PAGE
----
Net Neutrality as Seen by Google and Verizon

In the last week there has been a lot of speculation over a deal Google and Verizon were working on regarding net neutrality. First covered by New York Times, refuted in part by Google and Verizon, and later presented as a policy document from Google and Verizon, quite a lot of chatter has been going on all over the web.

In the last 24 to 48 hours, I have seen many Twitter shots, snarky blog posts, and general incredulity over the Google/Verizon proposal. Not nearly as many people appear to have read the full proposal as are commenting, however. On top of that, there is some confusion about what net neutrality means as a concept versus what it means as adopted by the FCC in the United States.

Given the recent ruling in the Comcast / FCC fight back in April, the FCC may be looking like a lame duck to some and there is fear that Google and Verizon might be stepping into the fight while the FCC is bloodied. If you missed the ruling, here’s the gist from Reuters:

Comcast also defended its practice of blocking services like BitTorrent, saying it was trying to manage Web traffic flowing over its network to prevent degradation of service for the majority of its users. The U.S. Court of Appeals for the District of Columbia sided with Comcast and said that the FCC failed to show that it had the necessary authority to impose such restrictions on the provider’s network operations.

Pile this on with an observation from Engadget, and it makes sense that now is the time for Verizon and Google to move in and try to assert themselves:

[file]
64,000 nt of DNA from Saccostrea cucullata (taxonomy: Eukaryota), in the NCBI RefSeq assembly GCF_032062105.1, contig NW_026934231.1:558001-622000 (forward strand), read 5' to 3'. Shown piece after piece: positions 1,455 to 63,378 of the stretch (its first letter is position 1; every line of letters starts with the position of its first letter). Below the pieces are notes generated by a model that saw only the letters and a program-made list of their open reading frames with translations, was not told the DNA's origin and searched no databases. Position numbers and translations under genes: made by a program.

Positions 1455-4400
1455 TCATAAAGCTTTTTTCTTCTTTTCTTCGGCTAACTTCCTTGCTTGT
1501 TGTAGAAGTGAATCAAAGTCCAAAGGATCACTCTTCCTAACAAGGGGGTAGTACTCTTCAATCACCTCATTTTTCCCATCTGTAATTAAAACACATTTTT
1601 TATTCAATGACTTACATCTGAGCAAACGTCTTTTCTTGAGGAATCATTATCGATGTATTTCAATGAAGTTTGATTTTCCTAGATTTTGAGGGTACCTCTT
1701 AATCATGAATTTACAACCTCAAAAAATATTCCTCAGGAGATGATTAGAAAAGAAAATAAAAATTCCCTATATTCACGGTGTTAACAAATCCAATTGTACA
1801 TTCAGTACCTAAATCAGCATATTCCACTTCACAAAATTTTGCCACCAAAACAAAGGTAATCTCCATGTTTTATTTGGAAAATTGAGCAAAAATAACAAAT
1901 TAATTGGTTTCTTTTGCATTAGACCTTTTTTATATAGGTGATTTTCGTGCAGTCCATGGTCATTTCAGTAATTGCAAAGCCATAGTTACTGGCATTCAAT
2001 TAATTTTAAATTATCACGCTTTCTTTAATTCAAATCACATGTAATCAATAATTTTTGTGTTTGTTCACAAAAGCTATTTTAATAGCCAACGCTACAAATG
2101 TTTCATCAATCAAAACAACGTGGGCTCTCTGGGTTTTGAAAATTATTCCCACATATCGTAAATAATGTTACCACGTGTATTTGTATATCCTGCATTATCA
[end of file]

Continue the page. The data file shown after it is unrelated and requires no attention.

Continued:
What’s interesting is that the announcement comes just few days after the FCC declared its closed-door net-neutrality meetings with ISPs and other interested parties to be dead — it’s odd for Google and Verizon to claim their new proposal is just an extension of their joint statement in general support of net neutrality from last October when it’s very clearly an articulation of a specific plan that was undoubtedly proposed and rejected during those failed meetings.

Google and Verizon jointly posted to each of their corporate blogs, discussing what readers will find in the new proposal. They claim to have been guided by two main goals:

  1. Users should choose what content, applications, or devices they use, since openness has been central to the explosive innovation that has made the Internet a transformative medium.
  2. America must continue to encourage both investment and innovation to support the underlying broadband infrastructure; it is imperative for our global competitiveness.

A big concern from the general public (that understand these concepts) is about wireless. Google/Verizon argue that wireless broadband is too nascent of a market to impose these standards, and others argue that Google/Verizon is building in a loophole and wireless shouldn’t be treated any differently.

At the risk of adding more noise to the debate with my opinions, which may shift as more information comes to light, take some time to review the links at the bottom of this article and the proposal from Google and Verizon that I am embedding here.

Verizon-Google Legislative Framework Proposal

Remember, this is only a proposal. Probably much debate will happen as a result. I just hope the debate is intelligent and open, and not more of the “Google is doing evil” snarkiness that I am primarily seeing now.

Further Reading

Edits include sorting the links by date and adding links after the original posting date of this entry.

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